• Food and liquids stored in lead crystal or lead-glazed pottery or porcelain (lead can leach in food from these sources).
  • Folk medicines and remedies (azarcon and greta, which are used for upset stomach or indigestion; pay-loo-ah, which is used for rash or fever; kohl or alkohl, which is used as eye cosmetic, to treat skin infections, or as umbilical stump remedy).
  • Some jewelry and types of metal toy jewelry or older toys.
  • Plants and animals from areas where air, water, or soil are contaminated with lead (the amounts of lead may build up in plants and if animals eat contaminated plants or other animals some lead may retain in their bodies).
You can protect your family by understanding common ways a person can be exposed and minimizing those exposures. Then take other actions for protection, such as frequently cleaning, washing hands, good nutrition, and by removing common items in the home that may contain lead, such as home remedies, some jewelry, and certain toys. To protect yourself and your family, take simple steps to reduce your exposure to lead:
  • Clean and remove shoes before going inside your home to avoid tracking in lead from soil. Place shoe racks or trays near the doorway to help your family get into the habit of taking their shoes off when they come inside the house.
  • Shower and change clothes after finishing the task if you remodel buildings built before 1978 or if your work or hobbies involve working with lead-based products
  • Wash your hands frequently and when you go into your home. Make sure children wash their hands often and also when they get home from school and come inside after playing outside.
  • Damp-mop floors, damp-wipe surfaces, and often wash a child's hands (especially before they eat and before nap time and bed time), pacifiers, toys, and stuffed animals to reduce exposure to lead. Caution: NEVER MIX AMMONIA AND BLEACH PRODUCTS TOGETHER BECAUSE THEY CAN FORM A DANGEROUS GAS.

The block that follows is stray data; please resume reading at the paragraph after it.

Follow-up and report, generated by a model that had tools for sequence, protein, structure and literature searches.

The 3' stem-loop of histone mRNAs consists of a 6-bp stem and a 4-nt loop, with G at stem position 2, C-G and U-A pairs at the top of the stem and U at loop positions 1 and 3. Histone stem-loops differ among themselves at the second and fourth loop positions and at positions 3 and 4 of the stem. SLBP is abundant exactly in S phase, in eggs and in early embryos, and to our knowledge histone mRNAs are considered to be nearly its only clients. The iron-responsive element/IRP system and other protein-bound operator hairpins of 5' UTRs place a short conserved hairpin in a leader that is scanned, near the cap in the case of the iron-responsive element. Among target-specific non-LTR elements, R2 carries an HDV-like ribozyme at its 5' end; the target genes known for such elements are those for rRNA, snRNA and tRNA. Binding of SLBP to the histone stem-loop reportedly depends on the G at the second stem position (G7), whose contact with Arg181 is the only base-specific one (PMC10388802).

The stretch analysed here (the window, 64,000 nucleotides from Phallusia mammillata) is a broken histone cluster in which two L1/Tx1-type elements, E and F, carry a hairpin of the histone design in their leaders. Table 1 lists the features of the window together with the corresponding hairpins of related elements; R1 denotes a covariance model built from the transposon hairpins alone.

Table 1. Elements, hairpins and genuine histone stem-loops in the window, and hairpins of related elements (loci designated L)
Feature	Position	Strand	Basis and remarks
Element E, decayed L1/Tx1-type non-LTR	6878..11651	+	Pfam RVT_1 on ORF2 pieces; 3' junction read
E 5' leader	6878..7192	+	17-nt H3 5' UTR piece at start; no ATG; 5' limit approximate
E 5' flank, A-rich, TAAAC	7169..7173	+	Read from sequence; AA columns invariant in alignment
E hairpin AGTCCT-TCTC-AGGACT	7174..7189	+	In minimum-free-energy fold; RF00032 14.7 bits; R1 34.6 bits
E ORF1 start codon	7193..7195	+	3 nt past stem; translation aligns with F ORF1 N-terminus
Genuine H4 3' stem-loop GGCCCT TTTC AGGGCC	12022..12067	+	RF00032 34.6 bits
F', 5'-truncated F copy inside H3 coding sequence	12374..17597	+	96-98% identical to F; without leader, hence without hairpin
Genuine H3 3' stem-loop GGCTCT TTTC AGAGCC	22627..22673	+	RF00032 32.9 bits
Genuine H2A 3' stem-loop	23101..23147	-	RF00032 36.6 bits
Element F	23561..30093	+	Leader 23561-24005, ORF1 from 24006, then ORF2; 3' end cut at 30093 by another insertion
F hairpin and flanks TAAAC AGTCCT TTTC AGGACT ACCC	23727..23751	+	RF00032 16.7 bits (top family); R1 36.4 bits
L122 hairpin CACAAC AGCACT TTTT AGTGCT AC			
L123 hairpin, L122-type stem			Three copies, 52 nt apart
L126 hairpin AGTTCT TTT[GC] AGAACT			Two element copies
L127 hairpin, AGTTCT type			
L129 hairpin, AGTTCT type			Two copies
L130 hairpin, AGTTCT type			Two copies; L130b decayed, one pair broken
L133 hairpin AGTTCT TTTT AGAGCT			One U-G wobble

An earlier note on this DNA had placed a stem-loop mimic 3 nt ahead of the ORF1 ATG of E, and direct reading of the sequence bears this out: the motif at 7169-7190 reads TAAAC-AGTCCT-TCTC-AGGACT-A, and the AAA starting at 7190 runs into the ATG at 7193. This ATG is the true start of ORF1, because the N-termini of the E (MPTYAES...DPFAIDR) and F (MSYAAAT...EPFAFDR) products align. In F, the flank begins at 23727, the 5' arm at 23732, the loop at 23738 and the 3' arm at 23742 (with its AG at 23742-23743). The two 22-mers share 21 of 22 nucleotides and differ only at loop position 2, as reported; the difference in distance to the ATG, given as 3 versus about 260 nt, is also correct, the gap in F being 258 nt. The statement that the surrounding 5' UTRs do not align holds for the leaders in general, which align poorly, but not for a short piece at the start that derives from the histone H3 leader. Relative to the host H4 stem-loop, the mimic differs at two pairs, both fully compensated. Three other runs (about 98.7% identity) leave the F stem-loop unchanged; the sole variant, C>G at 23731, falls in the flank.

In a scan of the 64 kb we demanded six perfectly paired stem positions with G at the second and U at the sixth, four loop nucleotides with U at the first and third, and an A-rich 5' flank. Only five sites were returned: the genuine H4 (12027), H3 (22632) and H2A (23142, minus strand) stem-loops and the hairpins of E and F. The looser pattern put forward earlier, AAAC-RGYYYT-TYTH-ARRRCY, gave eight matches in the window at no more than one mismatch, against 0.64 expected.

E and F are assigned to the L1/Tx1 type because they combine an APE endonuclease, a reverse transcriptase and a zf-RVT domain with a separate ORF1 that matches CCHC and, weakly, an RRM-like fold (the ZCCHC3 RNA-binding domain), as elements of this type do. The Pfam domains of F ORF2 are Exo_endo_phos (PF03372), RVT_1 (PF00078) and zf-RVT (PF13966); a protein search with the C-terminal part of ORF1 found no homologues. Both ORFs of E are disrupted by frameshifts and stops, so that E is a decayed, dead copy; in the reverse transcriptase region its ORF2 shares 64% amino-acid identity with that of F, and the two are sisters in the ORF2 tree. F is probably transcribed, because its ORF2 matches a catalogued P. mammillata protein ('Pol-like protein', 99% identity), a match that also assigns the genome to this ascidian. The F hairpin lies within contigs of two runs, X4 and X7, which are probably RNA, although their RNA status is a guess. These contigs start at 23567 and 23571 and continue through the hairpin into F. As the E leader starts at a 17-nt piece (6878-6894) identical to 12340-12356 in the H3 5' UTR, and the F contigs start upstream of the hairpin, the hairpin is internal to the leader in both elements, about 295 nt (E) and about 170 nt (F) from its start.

• Use only cold water from the tap for drinking, cooking, and for making a baby formula. Hot water may contain a higher amount of lead, and most of the lead in household water usually comes from the plumbing in your house, not from the public water supply.
  • Avoid using home remedies and cosmetics, such as azarcon, greta, pay-loo-ah, kohl, alkohl, that contain lead.
  • Check your home for items that may potentially contain lead, such as jewelry, toys, and older painted furniture that may be chipping.
Protecting Children
  • Ask a doctor to test your child if you are concerned about a child being exposed to lead.
  • Both Federal and State Medicaid regulations require that all children enrolled in Medicaid be tested at 12 months and again at 24 months of age. Children between the ages of 36 months and 72 months of age must receive a screening blood lead test if they have not been previously screened for lead poisoning. No state is exempt from this requirement.
  • Talk to the New Mexico Department of Health (at the toll free phone number 1-888-878-8992 or DOH-EHEB@state.nm.us) about testing paint and dust from your home for lead if you live in a house or apartment built before 1978, especially if young children live with you or visit you.
  • Make sure children eat healthy and nutritious meals as recommended by the National Dietary Guidelines, because children with good diets absorb less lead. A diet high in vitamin C, iron, and calcium can help reduce lead absorption.
The NM EPHT Web site is supported by Cooperative Agreement Number 5 U38EH000949 from the Centers for Disease Control and Prevention (CDC). Its contents are solely the responsibility of the authors and do not necessarily represent the official views of CDC. Please use the following citation: " Retrieved Sun, 23 April 2017 4:01:26 from New Mexico EPHT Tracking Public Web site: https://nmtracking.org/ ".

Content updated: Mon, 30 Jan 2017 12:01:06 MST